Nigeria, as a signatory to SDG 14, is obligated to establish MPAs. However, some African nations, also SDG signatories, have already created MPAs. Seychelles, for instance, has over 40,000 sqkm of MPAs, covering 30% of its maritime territory, while South Africa and Kenya have established MPAs covering 5% and 14% of their maritime areas, respectively. In contrast, Nigeria has not established an MPA despite its sizable coastline and maritime expanse.

Lack of awareness about the economic potential of marine resources—a phenomenon called “maritime wealth blindness”—has hindered the establishment of MPAs in Nigeria. This is common in developing African countries. To overcome this, deep-sea research is essential to unveil the value of maritime resources through innovation. Nigeria’s Nigerian Institute of Oceanography and Marine Research (NIOMR) has struggled to provide comprehensive data on species composition and ecosystems due to limited resources.

Establishing MPAs in Nigeria’s maritime area requires collaboration among stakeholders like NIOMR, Federal Department of Fisheries (FDF), FME, Nigerian Navy (NN), Nigerian Maritime Administration and Safety Agency (NIMASA), and coastal communities. NIOMR must conduct sustained research to identify ecosystems for conservation, while FDF determines the economic components.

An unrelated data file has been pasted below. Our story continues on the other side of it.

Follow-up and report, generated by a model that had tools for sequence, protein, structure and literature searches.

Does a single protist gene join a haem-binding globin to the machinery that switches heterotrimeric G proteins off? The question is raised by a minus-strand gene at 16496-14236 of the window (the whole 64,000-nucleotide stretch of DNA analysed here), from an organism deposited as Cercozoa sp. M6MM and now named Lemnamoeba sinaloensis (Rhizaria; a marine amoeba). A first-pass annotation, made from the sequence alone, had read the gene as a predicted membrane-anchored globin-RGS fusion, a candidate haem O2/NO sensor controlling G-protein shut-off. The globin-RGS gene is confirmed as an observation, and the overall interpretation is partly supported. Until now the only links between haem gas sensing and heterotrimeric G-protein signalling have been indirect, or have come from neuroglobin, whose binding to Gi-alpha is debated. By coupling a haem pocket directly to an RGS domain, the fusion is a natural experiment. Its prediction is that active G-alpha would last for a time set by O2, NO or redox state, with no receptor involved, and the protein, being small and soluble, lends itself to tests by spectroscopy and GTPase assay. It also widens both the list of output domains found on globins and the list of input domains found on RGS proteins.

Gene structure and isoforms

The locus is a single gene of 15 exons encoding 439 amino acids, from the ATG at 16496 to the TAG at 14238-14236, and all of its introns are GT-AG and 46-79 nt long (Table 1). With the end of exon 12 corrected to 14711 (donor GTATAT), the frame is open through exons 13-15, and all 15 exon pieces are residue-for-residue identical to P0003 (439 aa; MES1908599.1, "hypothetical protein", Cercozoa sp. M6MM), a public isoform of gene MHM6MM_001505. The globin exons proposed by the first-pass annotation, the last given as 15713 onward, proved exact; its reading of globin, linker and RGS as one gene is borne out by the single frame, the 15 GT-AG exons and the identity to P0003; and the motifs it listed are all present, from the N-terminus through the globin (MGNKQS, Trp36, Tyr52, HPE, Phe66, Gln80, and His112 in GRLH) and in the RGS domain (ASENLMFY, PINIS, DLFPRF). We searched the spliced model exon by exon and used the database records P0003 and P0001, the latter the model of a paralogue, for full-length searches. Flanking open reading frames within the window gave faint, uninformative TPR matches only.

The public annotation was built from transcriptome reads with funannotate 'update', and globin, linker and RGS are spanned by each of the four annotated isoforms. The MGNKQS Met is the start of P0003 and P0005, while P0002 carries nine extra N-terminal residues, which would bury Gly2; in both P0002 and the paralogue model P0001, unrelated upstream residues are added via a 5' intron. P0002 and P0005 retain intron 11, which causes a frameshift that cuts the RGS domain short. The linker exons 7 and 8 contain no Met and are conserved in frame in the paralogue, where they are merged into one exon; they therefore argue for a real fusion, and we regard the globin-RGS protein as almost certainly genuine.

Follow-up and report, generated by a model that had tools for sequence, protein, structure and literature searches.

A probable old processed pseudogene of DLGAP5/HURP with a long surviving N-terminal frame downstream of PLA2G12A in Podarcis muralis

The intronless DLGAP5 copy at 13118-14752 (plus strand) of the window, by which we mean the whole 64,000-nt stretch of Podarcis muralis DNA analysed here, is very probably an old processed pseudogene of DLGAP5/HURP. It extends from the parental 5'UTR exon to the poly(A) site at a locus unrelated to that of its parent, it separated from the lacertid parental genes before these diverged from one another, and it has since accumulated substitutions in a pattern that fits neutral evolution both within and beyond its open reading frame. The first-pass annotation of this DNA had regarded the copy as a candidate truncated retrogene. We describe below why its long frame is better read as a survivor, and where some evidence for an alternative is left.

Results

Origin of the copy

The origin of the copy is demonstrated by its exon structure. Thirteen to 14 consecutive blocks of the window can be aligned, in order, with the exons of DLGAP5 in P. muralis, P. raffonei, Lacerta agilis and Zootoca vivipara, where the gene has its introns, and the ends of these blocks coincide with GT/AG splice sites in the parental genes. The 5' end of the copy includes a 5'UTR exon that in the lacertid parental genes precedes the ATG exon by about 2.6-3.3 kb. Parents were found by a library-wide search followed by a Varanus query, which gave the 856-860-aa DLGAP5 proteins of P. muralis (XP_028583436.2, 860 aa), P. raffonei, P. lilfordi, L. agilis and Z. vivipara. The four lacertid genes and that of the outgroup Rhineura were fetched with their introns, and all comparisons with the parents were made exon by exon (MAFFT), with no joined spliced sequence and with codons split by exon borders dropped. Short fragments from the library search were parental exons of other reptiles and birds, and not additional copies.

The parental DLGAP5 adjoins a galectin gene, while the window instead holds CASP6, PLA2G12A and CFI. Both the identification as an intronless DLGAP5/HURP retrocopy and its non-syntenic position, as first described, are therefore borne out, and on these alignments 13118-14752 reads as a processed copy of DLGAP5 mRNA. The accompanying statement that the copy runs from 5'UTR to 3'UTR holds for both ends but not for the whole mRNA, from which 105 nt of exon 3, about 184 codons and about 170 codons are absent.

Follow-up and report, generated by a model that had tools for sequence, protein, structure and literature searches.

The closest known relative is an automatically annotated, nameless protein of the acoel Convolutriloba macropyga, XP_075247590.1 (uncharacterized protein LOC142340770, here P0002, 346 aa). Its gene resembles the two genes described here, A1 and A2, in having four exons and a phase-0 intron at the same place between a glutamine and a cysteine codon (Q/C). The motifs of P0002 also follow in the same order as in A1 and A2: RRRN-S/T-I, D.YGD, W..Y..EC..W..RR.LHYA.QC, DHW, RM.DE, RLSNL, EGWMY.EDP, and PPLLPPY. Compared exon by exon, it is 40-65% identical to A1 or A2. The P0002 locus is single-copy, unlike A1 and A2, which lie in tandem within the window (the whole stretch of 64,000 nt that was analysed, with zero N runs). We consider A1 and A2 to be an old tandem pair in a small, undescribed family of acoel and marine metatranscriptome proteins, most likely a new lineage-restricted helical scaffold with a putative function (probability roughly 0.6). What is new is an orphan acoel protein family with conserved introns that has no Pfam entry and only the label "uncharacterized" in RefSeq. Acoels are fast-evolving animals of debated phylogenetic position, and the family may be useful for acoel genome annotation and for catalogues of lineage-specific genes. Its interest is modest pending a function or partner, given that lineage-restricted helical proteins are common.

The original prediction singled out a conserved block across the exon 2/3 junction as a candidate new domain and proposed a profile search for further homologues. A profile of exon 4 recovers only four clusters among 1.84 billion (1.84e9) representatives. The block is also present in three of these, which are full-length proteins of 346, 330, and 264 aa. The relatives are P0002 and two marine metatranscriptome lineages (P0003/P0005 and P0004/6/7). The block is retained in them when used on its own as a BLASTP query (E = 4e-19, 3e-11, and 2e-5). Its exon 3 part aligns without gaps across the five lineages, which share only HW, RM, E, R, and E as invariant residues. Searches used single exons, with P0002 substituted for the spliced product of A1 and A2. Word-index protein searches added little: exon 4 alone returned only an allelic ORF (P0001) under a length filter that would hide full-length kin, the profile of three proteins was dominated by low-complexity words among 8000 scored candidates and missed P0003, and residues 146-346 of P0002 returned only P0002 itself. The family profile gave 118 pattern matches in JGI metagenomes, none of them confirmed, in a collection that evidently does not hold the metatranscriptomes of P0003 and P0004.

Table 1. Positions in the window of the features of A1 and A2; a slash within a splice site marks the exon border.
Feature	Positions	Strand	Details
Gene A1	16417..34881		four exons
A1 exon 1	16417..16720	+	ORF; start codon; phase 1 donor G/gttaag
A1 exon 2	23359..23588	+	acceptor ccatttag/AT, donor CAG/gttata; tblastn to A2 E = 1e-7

FME assesses environmental impacts, NN handles surveys and enforcement, and NIMASA monitors pollution. Coastal communities contribute support and local intelligence. A designated Marine Spatial Planning Authority (MSPA) would coordinate these efforts within a blue economy framework.

In conclusion, the absence of Marine Protected Areas (MPAs) in Nigeria’s extensive maritime domain highlights the nation’s yet-to-be-realized blue economy potential. Establishing MPAs aligns with sustainable development goals and international conservation efforts.

To bridge this gap, a coordinated approach involving research, legislation, and stakeholder collaboration is essential. A robust blue economy strategy, including Marine Spatial Planning, is vital for safeguarding Nigeria’s marine wealth and ensuring its sustainable future.